If you’ve driven down Interstate 10 in recent years, you’ve seen many billboards advertising various retail cannabis businesses and brands.
But have you looked lately? Those billboards are all gone, save one or two, due to a legal battle that rages on regarding cannabis advertising.
Adult-use cannabis was approved by voters via Proposition 64 in 2016. The state then created regulations—which have been continuously interpreted and re-interpreted by the three state agencies that issue cannabis licenses. The California Bureau of Cannabis Control (BCC), in charge of retail licensure, made a determination early on that billboard advertising was allowed everywhere except within 15 miles of state borders, based on language set forth in Prop 64.
However, everything changed on Jan. 11, 2021. In the case of Farmer v. Bureau of Cannabis Control and Lori Ajax, the San Luis Obispo County Superior Court entered a formal judgement that the BCC’s interpretation of the law was invalid. This ruling means that a licensee may not currently place advertising on a billboard anywhere along a state or interstate highway that crosses the California border—some 4,315 miles of highways in the state.
The lawsuit was filed by Matthew Farmer, a construction contractor who is the father of a 15-year-old daughter and a 12-year-old son. Farmer said that he was concerned that the billboards exposed his children to cannabis advertising.
Why is this ruling such a big deal? Because it took away one of the relatively few advertising venues cannabis businesses currently have.
State law allows cannabis ads on billboards or bus stops along city streets—but not within 1,000 feet of daycare centers, K-12 schools or playgrounds. However, localities can choose to ban such advertising. You can get a sense of which cities allow it in the Coachella Valley by simply driving down Highway 111.
Further, state law limits physical and digital cannabis advertisements to places where at least 71.6 percent of the audience is reasonably expected to be 21 or older. This standard is applied to all ads, in physical or digital form. Yes, that is a weird standard, but it offers a sense of the intended purpose of these prohibitions.
As for other traditional advertising and marketing options? Television and radio outlets generally prohibit ads, since those media outlets are regulated by the Federal Communications Commission, and they are afraid they will lose their licenses, because cannabis remains an illegal Schedule 1 drug under federal law. In addition, newer marketing platforms—including Facebook, Instagram, YouTube and TikTok—do not allow mentions of cannabis sales, prices, discounts, store locations or links. Some print-media publishers allow cannabis ads, but it is hit and miss. Because of all these limitations, billboard advertising is extremely important to the industry right now.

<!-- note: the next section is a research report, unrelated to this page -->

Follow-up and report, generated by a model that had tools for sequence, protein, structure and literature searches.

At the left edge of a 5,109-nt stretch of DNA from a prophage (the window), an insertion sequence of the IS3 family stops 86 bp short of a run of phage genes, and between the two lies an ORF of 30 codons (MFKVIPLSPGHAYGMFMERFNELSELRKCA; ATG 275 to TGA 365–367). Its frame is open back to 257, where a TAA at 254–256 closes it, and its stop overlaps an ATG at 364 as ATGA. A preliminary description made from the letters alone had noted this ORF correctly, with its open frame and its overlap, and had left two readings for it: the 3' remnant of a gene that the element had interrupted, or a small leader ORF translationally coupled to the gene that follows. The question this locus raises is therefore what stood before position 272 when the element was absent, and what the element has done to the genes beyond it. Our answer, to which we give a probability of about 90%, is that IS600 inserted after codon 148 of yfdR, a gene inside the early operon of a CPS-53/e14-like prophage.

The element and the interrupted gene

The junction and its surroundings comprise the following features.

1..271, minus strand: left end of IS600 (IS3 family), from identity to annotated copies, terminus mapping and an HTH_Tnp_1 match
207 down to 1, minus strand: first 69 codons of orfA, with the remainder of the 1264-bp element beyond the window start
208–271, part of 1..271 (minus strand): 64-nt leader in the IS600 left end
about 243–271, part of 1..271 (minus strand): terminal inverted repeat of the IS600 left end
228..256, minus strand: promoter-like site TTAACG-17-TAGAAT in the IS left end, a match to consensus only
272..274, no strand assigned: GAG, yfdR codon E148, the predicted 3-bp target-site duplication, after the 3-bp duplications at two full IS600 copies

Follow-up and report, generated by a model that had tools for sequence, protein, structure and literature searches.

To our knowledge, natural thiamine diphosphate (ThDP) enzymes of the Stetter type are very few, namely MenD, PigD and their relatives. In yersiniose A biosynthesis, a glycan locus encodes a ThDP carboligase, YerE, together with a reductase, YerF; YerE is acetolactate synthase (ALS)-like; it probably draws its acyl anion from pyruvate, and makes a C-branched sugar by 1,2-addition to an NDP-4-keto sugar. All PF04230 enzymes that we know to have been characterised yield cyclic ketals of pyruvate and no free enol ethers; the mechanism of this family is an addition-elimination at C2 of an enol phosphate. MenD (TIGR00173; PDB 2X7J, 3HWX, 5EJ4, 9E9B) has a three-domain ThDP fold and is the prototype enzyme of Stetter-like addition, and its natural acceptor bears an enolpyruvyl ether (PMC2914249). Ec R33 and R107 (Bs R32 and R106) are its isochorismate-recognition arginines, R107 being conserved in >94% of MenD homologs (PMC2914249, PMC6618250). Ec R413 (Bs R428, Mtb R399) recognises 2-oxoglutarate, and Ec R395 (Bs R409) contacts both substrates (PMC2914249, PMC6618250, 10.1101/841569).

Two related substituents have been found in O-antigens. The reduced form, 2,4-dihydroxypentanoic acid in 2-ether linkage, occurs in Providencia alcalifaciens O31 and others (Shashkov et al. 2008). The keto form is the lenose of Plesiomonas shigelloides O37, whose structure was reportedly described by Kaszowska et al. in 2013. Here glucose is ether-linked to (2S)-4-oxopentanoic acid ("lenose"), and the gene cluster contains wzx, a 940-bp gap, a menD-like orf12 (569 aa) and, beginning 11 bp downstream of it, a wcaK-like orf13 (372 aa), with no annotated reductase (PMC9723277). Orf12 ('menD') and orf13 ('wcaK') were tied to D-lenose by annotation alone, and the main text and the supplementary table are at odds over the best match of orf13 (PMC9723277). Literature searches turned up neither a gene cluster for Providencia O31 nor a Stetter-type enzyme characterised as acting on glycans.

According to Pedro Fonseca, the director of retail at Harborside—which operates the drive-through cannabis retail store in Desert Hot Springs—between 60 and 75 percent of customers surveyed over a recent two-month period visited the store based on seeing a highway billboard. Another 17 percent used Weedmaps, a tech platform created to serve the cannabis community. Fonseca said customers at the DHS store came from 919 different cities across the U.S.—the majority from the bordering states of Arizona and Nevada—meaning billboards are a vital pipeline for Harborside’s existence.
In an attempt to respond to concerns on both sides of the argument, two state legislators have rolled out competing bills that are moving through the legislative process. Assembly Bill 273, proposed by Assemblymember Jacqui Irwin (D-Thousand Oaks), would create an outright ban on pot billboards on all interstate and state highways. Alternatively, Assembly Bill 1302, introduced by Assemblymember Bill Quirk (D-Hayward), would change the law so it matches the BCC’s initial interpretation of Prop 64, again allowing cannabis billboards along highways unless those billboards are within 15 miles of a state border.
Whatever happens will have a major impact on California’s legal cannabis industry. The legal, licensed market heavily relies on outdoor advertising to drive consumer demand and purchases.
The black market for marijuana is thriving, with some estimates saying that more than half of the cannabis sold in the state by 2024 will be done so illegally.
Meanwhile, legal cannabis businesses follow the rules. Companies comply with “age-gating” on websites; target adult consumers in the small number of media sources that allow cannabis advertising; and continue to push against incredible amounts of fear and historical stigma. The advertisement and marketing of a legal consumer commodity is vital—and should be protected as commercial speech.
Agree or disagree? Educated feedback is more than welcome.